Acronis True Image 2021 review: The consummate do-it-all package
A first-rate backup solution, True Image may be more than you need, but it’s hard to fault
Whenever we look at backup software, Acronis True Image is never far away from the top of the pile. And there’s a good reason for that: it really does do everything. The standard package handles local backups of files, folders, disks and partitions, while the clear, tasteful front-end makes it both quick and easy to set up any number of backup sets, each with its own schedule and destination.
For those who like to take full control of their backup strategy, meanwhile, there’s plenty to configure. Want to alternate between full, differential and incremental backups? No problem: you can use a predefined scheme or create your own, with fully configurable cleanup rules. Backups can be secured with a password, and you can even create an entire encrypted virtual volume on a local drive to protect your archives and other personal data.
True Image is speedy too. It took just 25 seconds to mirror our 2GB backup archive to an external hard disk, and a very reasonable 97 seconds to transfer it to our NAS drive. The light compression that’s enabled by default only managed to squeeze our folder down to 1.98GB, but it didn’t add a single second to the total operation time.
The suite is rounded off by an Active Protection feature, which preemptively blocks suspected ransomware processes from accessing your files, and a sprinkling of system maintenance tools, including a wizard for creating Windows or Linux-based disaster-recovery media.
The one thing that’s not included in the basic package is cloud backup. If you want that, you can instead opt for an Advanced or Premium annual subscription, which respectively include 500GB and 1TB of storage on Acronis’ servers. Again, performance is a strength: while Acronis couldn’t keep up with IDrive’s speedy upload rate of 1.23MB/sec, it averaged a creditable 0.9MB/sec, securing the whole folder in under 40 minutes.
It’s also impressive how elegantly cloud support is integrated into the mix. Acronis Cloud appears in the application just like any other target device, and while you can’t set a single job to back up to both local and remote destinations, it takes mere moments to clone a local backup job and point it to the cloud instead.
Dig into the settings and you’ll spot a few differences between local and cloud tasks. Compression and scheme options are preconfigured for off-site backups – which makes perfect sense – and to make the most of your cloud storage allowance you can specify how many old versions of files to retain, and how long they should be kept before being purged. The password-protection option remains, meanwhile, with all encryption performed locally so your data is only ever transmitted and stored in protected form. Uniquely among its rivals, Acronis also lets you choose which locale you want your data to be stored in: the company’s US data centre is the default, but we switched this to Germany, and you can also choose sites in France, Japan, Singapore or Australia.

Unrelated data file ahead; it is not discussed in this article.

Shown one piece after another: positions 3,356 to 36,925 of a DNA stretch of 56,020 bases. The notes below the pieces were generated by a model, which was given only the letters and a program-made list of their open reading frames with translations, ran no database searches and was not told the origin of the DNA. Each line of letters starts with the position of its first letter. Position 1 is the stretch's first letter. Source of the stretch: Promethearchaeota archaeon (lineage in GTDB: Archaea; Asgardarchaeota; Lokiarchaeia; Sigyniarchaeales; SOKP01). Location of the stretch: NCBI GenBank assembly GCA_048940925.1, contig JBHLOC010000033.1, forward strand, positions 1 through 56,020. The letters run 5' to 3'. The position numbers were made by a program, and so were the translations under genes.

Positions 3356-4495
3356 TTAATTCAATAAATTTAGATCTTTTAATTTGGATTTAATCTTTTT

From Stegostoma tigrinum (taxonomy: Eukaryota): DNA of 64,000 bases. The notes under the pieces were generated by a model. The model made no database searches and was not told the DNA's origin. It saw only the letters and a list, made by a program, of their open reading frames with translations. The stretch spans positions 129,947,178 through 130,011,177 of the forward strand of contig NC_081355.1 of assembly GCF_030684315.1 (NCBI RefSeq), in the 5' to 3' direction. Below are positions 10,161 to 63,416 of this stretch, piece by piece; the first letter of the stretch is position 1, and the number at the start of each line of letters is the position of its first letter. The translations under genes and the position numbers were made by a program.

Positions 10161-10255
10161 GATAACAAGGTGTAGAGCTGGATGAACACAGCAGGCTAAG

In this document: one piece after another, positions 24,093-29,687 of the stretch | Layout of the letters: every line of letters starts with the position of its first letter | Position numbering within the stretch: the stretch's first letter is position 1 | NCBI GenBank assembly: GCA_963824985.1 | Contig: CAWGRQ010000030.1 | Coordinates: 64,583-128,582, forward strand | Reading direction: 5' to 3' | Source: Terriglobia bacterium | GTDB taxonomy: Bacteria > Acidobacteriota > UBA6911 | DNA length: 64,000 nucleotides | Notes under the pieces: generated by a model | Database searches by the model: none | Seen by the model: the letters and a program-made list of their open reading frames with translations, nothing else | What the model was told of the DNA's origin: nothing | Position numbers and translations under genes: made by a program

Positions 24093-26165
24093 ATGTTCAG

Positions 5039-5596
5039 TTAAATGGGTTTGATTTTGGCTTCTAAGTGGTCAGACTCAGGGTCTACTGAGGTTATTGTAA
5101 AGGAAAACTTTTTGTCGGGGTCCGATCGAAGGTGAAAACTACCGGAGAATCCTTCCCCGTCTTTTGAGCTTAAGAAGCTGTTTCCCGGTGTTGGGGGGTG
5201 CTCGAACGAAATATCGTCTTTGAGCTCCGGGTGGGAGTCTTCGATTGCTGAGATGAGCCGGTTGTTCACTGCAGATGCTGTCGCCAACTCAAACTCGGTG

If you’re looking for a catch, it’s the price. £34 is a lot to pay for a local-only backup suite. The likes of Ashampoo Backup Pro 14 tick a lot of the same boxes for less than half the price, and those with more modest needs may well find everything they need in a free package. The £29 annual subscription option is even less enticing: it could be a decent deal if it yields a significant upgrade every year, but at this point there’s very little that needs adding. Compare this 2021 edition to the 2019 release and you’ll find that two years of progress equates to little more than some new system tray notifications and customisable battery settings.
The cloud-enabled subscriptions also feel uncomfortably expensive, at £52 per year for the 500GB Advanced package and a whopping £73 per annum for the 1TB Premium service - excluding tax. To be fair, in addition to online storage, these packages now include the company’s antivirus and web-filtering engines, freshly transplanted from the company’s Cyber Protect Cloud product. These have achieved strong scores from independent security testers, so a True Image subscription could allow you to ditch your third-party antivirus software. Even so, there’s no escaping the fact that IDrive’s personal plan offers 5TB of storage for a lower price.
None of this diminishes the software itself, though. Acronis True Image is, without a doubt, the most comprehensive personal backup system out there, and its user-friendly interface, strong performance and decent set of secondary tools don’t hurt at all. With the pricing structure as it is, you’ll probably want to examine some of the cheaper options on the market before splashing out on True Image 2021 – but if you do end up investing in Acronis, you’ll be getting a first-rate backup solution.
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